Happy Relationships – Part 2 – Maximising vs Satisficing

If you haven’t read Part 1 of this mini series, check it out first. It’ll give you a background on some of the ideas presented in this article…Have you ever thought about which traits are most important in a potential partner? Maybe you have even written them down? Does your list include things like eye colour, height, humour, intelligence, status etc? What about things like emotional temperament? In any case, you’re ahead of yourself. Before you can decide who you’re going to choose, you must first decide how you’re going to choose.

According to Herbert Simon (researcher in the 1940’s) there are two main styles of decision making. Incredibly, the style you use to make the decision can determine your satisfaction with the outcome as much as the outcome itself. Here’s how it works:

Maximizing – is all about finding the most optimal outcome. You look at every possible option and slowly narrow them down based on direct comparison. You methodically get rid of the least suitable, until eventually you end up with the final 2 candidates to choose from. This process is very logical. However, it does encounter a significant problem. You always end up with two very similar final candidates and the process itself highlights just how similar they are. This leaves you highly prone to buyers remorse (described in Part 1).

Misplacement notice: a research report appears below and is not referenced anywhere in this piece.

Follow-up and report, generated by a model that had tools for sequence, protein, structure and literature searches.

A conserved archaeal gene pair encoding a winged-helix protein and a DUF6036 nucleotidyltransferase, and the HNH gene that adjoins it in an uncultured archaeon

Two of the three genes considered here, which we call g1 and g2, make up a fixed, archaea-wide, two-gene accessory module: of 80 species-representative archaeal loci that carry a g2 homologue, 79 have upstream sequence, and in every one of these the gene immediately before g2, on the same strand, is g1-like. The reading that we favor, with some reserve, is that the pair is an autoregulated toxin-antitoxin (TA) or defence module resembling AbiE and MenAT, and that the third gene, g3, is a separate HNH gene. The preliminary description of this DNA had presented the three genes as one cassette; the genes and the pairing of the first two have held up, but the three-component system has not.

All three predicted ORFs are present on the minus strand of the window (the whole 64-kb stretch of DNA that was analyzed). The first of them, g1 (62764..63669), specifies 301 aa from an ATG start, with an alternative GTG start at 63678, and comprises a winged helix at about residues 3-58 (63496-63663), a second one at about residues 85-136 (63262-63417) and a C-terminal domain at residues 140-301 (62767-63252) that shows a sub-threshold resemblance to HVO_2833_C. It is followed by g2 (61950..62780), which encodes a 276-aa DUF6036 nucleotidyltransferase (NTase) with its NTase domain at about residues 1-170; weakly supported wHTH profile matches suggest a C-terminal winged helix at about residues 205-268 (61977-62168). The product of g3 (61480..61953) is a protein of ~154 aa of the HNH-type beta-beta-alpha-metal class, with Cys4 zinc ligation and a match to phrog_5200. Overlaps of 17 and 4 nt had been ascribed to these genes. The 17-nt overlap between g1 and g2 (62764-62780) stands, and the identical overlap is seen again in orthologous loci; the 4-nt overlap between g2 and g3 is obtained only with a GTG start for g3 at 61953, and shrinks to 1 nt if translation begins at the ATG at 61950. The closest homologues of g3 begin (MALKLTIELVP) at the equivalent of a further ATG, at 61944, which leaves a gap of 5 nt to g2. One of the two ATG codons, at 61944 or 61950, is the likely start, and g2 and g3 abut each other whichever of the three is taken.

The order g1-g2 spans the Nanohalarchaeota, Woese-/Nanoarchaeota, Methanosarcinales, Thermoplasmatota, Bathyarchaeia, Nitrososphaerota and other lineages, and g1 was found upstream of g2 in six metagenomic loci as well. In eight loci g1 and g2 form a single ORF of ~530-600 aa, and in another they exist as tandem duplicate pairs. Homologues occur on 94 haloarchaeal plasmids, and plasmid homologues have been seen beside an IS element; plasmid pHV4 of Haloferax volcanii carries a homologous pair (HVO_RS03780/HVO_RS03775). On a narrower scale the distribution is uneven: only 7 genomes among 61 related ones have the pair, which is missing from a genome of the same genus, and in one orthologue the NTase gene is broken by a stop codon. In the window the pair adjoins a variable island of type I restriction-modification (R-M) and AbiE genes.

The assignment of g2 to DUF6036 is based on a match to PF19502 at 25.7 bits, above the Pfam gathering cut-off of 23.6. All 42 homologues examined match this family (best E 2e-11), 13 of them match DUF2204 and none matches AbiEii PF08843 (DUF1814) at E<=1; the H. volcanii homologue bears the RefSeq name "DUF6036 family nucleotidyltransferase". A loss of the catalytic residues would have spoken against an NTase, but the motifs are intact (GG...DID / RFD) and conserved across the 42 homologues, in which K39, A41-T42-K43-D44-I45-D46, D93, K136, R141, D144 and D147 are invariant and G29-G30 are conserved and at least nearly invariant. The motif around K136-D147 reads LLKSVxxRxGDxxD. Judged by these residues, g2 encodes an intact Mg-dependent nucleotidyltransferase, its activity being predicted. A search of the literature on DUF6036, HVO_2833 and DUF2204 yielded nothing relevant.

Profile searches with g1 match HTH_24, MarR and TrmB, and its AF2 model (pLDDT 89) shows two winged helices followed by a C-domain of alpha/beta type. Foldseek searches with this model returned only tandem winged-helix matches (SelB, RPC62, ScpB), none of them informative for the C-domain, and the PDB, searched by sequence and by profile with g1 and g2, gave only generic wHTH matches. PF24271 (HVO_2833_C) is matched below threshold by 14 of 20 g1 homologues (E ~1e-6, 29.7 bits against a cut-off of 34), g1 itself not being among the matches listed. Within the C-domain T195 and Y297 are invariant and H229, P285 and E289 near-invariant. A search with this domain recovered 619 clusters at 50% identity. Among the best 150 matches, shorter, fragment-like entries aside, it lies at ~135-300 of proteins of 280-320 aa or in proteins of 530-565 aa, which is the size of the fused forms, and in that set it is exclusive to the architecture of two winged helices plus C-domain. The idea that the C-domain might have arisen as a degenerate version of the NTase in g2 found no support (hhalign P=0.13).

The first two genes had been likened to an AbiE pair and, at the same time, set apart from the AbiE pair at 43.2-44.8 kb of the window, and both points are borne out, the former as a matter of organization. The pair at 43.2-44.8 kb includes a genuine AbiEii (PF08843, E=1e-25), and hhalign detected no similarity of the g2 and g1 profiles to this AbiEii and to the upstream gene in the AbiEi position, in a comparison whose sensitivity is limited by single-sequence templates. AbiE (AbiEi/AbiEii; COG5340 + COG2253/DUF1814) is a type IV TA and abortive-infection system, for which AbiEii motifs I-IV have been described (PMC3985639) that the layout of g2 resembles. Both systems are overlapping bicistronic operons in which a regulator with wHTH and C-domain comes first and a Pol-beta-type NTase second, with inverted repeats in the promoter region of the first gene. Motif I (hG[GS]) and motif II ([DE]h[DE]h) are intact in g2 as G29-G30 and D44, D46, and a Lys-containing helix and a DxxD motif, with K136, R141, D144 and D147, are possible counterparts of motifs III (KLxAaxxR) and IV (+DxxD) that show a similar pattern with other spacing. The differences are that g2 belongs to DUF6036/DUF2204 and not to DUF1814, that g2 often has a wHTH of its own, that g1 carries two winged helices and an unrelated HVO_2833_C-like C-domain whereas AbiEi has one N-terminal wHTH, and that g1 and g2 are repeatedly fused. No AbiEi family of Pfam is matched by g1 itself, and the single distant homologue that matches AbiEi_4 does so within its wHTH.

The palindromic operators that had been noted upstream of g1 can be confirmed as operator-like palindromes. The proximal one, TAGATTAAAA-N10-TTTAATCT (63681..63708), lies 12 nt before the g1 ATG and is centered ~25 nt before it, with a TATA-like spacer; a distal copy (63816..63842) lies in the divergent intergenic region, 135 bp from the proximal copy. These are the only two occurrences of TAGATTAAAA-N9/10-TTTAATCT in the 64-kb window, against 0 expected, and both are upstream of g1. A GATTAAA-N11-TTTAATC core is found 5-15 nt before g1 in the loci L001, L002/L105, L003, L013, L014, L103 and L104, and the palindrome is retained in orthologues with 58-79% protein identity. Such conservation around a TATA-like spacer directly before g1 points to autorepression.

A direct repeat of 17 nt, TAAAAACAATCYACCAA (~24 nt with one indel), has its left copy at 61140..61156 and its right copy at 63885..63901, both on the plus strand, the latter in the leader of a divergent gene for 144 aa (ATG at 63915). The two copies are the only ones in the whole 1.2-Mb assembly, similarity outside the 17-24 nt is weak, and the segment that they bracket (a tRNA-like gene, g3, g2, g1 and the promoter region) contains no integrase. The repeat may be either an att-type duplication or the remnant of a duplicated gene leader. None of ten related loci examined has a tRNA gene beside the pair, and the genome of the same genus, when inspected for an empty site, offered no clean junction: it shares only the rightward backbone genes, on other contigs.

Satisficing – is all about finding the most suitable outcome. It involves an individual setting a criteria of suitability and then going through the options, one by one, until they find a suitable candidate. Once a suitable candidate has been found, the satisficer accepts it as the solution and stops looking. While they are less likely to find the most optimal solution they are often happier with the final outcome. Since they don’t use direct comparisons, they don’t end up with a number of similar alternatives in their mind and thus are less prone to buyers remorse.

This is often how Western dating works, well, sort of. Most people have some sort of criteria in their heads (even if it’s on a subconscious level) and most people only date one person at a time. They will date someone long enough to decide if they are a suitable partner and then either marry, or move on to the next candidate.

The problem is that many people end up searching for the most optimal solution using an approach designed for finding suitable solutions. They set unrealistic criteria which are often not predictive of a happy relationship.
So, what criteria are predictive of a happy relationship? Check out Part 3 of this mini series where we look at the research on relationship compatibility.

No comments

Leave a Reply

Your email address will not be published. Required fields are marked *